The Basics of Your Baby’s Sleep

Sleep makes up a large percentage of a baby’s life. She can sleep for more than half of the day depending on her age. The body uses this time for growth and to develop essential aspects such as mental and emotional functions. While babies easily fall asleep during the day, bedtime at night can prove to be quite a challenge. Some babies may sleep right through the day and stay awake for the larger part of the night. As a mother, you need to make sure that your baby gets enough sleep at the right times so that you can also rest.

 DURATION OF SLEEP

Every baby has different needs when it comes to sleep. Generally, however, newborns and babies up to three months old will need to sleep for up to seventeen hours. Babies up to twelve months should have a total sleeping period of twelve to sixteen hours including the daytime naps. It is, however, important to know the duration of sleep can be affected by its quality. Babies that sleep with minimal distractions or fuss will be more rested than those who have such problems.

FOOD AND SLEEP

Babies eat little but very often because they have little tummies that can hold as much. They get full quickly but will be hungry almost as fast. This is why they can barely sleep through the night without waking up to demand some food.

At the maximum, new-borns will sleep for five hours before waking up to eat. While some may not necessarily wake up and announce their hunger, they may make sounds in their sleep to suggest it. This is when you should wake them up for some feeding then sooth them back to sleep.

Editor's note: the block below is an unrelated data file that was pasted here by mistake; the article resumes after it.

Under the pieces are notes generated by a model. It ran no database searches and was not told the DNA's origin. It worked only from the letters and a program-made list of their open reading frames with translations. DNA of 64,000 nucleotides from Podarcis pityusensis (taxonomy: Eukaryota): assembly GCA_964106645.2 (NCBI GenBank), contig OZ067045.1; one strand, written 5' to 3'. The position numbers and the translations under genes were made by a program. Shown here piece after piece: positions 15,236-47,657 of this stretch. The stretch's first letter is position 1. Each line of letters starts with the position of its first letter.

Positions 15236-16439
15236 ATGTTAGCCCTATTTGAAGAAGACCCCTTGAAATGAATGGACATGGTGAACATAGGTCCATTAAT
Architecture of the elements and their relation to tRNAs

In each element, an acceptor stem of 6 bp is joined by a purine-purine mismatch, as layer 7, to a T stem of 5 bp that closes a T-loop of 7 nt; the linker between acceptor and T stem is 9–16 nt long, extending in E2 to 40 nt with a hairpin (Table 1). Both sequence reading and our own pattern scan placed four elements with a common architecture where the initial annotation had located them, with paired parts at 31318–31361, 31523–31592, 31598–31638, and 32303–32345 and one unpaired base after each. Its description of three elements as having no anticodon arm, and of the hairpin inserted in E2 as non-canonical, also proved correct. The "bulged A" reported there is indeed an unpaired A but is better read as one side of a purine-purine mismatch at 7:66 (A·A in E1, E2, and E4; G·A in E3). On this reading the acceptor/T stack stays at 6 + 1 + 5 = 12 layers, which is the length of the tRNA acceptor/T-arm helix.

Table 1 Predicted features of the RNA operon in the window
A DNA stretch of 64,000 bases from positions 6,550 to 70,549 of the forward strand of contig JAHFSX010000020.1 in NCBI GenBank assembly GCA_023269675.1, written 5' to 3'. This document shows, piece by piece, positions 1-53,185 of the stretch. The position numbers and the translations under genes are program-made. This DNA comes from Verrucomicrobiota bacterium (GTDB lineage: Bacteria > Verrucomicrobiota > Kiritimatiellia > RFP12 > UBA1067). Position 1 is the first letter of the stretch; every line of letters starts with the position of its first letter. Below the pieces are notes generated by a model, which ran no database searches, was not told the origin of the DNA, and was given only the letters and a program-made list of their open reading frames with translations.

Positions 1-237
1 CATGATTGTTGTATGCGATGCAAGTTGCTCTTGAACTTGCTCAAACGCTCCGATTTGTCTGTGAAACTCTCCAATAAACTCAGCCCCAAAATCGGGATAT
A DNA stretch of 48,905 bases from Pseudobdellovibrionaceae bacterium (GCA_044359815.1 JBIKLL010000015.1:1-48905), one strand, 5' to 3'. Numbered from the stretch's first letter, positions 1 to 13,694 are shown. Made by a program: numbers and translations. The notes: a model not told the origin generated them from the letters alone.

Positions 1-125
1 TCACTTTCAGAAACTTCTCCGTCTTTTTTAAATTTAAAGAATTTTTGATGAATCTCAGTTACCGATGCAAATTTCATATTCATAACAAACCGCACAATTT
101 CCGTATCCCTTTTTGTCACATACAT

RESTLESS SLEEP

Any mother would probably debate against the perceived meaning of the popular saying ‘sleep like a baby’. Babies are actually very restless sleepers and can barely snooze for more than five hours without waking up for some attention. Sometimes it helps to have the aid of bouncers and rockers.

New-borns spend more than half of their naptime in the REM mode (rapid eye movement) where they move, dream and wake up. As they grow older, however, their sleep patterns quickly normalise, and they begin sleeping for longer without waking up.

PREPARING THE BABY FOR SLEEP

Lulling works on most babies. Any smooth motion should help them fall asleep faster. This owes to the fact that your movements lulled the baby to sleep when you were still pregnant, so they got used to it. You can rock them gently on their crib or place them against your shoulders then walk around for a while.

Comfort also contributes significantly to your baby’s ability to sleep. Make sure that they do so in a snug place. Remember to remove anything likely to cause noise while the baby sleeps and be careful to moderate the temperatures in their room.

Conclusively, babies are not naturally heavy sleepers, and it is up to you to try and minimise the times they wake up. Their sleeping pattern, however, settles down to a more even pace as they grow up.